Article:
And keep in mind that these are just the government's numbers. Other studies, like this recent reported from the Council on Foreign Relations, have suggested that the apprehension rate might be even lower than the GAO thinks — and that the Border Patrol is missing a large number of border-crossers. Still, when it comes to legislation, the official "effectiveness rate" is what counts...

2) Many Republicans originally wanted to postpone a pathway to citizenship until after that effectiveness rate was 90 percent — or even higher.

According to the New York Times, Sens. Bob Corker (R-Tenn.) and John Hoeven (R-N.D.) originally wanted an amendment to the immigration bill that "would have required a 90 percent effectiveness rate in apprehending or turning back illegal crossers, using a combination of conventional border infrastructure, like fencing and observation towers, and high-tech elements including heat-sensing cameras and drones."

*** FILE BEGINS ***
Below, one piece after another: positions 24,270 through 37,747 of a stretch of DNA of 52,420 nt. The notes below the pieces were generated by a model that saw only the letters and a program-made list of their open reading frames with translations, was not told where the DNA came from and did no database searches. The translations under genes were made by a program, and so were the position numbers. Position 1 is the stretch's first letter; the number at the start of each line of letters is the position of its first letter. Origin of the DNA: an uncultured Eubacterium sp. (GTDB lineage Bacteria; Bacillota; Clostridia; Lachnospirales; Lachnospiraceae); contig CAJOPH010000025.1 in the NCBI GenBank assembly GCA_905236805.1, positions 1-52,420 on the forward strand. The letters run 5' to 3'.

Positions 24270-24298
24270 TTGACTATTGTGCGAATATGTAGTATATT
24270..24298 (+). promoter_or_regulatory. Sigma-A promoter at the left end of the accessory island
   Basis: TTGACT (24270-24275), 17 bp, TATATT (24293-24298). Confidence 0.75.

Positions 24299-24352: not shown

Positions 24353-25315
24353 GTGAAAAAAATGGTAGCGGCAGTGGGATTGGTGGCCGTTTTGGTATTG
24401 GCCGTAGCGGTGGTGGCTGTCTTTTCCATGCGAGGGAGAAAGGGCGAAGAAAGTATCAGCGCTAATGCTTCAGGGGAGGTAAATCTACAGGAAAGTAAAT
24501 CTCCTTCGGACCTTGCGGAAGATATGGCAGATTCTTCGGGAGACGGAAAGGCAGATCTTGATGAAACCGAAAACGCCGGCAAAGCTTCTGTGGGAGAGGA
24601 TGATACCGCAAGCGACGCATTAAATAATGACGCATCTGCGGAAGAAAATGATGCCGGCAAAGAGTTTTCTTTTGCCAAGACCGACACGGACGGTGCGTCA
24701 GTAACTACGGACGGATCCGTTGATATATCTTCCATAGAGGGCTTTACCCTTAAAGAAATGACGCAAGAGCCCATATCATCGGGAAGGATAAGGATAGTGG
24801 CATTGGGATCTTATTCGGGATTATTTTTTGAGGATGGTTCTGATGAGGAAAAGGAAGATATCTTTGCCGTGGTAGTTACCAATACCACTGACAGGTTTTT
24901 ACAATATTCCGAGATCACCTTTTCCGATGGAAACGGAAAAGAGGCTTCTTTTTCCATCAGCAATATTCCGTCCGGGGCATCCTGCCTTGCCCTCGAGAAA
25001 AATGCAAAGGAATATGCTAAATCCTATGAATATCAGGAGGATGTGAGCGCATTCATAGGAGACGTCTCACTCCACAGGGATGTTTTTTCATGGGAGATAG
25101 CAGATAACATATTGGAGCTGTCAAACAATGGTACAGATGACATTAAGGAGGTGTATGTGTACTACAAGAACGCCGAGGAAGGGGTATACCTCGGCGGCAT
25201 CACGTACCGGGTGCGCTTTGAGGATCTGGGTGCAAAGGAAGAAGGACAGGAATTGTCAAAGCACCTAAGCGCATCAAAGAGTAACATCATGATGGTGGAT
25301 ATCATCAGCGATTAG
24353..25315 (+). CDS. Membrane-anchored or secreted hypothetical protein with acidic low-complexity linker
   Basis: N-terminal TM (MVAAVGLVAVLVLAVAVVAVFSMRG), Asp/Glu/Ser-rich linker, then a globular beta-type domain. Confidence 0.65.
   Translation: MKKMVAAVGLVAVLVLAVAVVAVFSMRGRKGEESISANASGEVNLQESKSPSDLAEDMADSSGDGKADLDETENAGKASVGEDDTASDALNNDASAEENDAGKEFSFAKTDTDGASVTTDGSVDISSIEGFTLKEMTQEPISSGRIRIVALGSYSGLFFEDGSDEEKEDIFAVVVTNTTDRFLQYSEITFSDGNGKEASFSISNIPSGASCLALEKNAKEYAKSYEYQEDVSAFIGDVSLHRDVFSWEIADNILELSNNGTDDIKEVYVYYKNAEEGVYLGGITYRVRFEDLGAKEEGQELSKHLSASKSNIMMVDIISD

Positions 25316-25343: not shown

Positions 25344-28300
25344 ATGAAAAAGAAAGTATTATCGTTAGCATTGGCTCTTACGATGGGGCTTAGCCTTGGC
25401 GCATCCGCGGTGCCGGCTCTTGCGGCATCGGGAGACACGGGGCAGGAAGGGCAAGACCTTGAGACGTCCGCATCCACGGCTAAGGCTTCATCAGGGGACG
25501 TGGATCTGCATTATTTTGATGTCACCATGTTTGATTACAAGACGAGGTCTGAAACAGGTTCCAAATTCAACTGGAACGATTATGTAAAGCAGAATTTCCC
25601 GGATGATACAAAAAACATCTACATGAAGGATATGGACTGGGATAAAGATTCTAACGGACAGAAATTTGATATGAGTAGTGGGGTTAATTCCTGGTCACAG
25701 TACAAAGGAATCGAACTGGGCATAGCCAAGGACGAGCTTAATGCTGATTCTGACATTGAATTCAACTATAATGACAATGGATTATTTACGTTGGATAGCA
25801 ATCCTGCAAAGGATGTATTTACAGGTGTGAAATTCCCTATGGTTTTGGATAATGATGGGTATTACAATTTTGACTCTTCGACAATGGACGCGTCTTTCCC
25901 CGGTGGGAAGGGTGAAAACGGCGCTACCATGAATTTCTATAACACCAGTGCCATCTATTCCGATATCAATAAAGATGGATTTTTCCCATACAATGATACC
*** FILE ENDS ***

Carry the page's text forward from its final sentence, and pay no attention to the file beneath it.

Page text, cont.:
Whether that's possible is an open question. As noted above, border security with the Southwest was considered 84 percent effective in 2011. The number of successful crossings dropped dramatically, to just 85,000 that year. But it's hard to know how much of that reduced flow is due to better border security and how much due to the weak U.S. economy.

Sen. John Cornyn, meanwhile, wanted to go even further than Corker and Hoeven. He wanted the Southwest border to achieve a 90 percent apprehension rate before any of the provisions offering a pathway to citizenship for current unauthorized immigrants kicked in. So for his measure, turn backs don't count.

That's a much stricter standard. Only about 61.3 percent of border-crossers are actually apprehended. Anther 22.7 percent are turned back. Tallent says there's a good reason for that — it's often expensive to detain and process border-crossers, particularly depending on where they've crossed. Cornyn's proposal would have required a big uptick in apprehensions.

Many senators seemed to agree that this was unworkable. On Thursday, the Senate voted  54-43 to put Cornyn's amendment aside for now.

3) In the end, Corker-Hoeven went with much more money and staff for border security rather than a hard metric.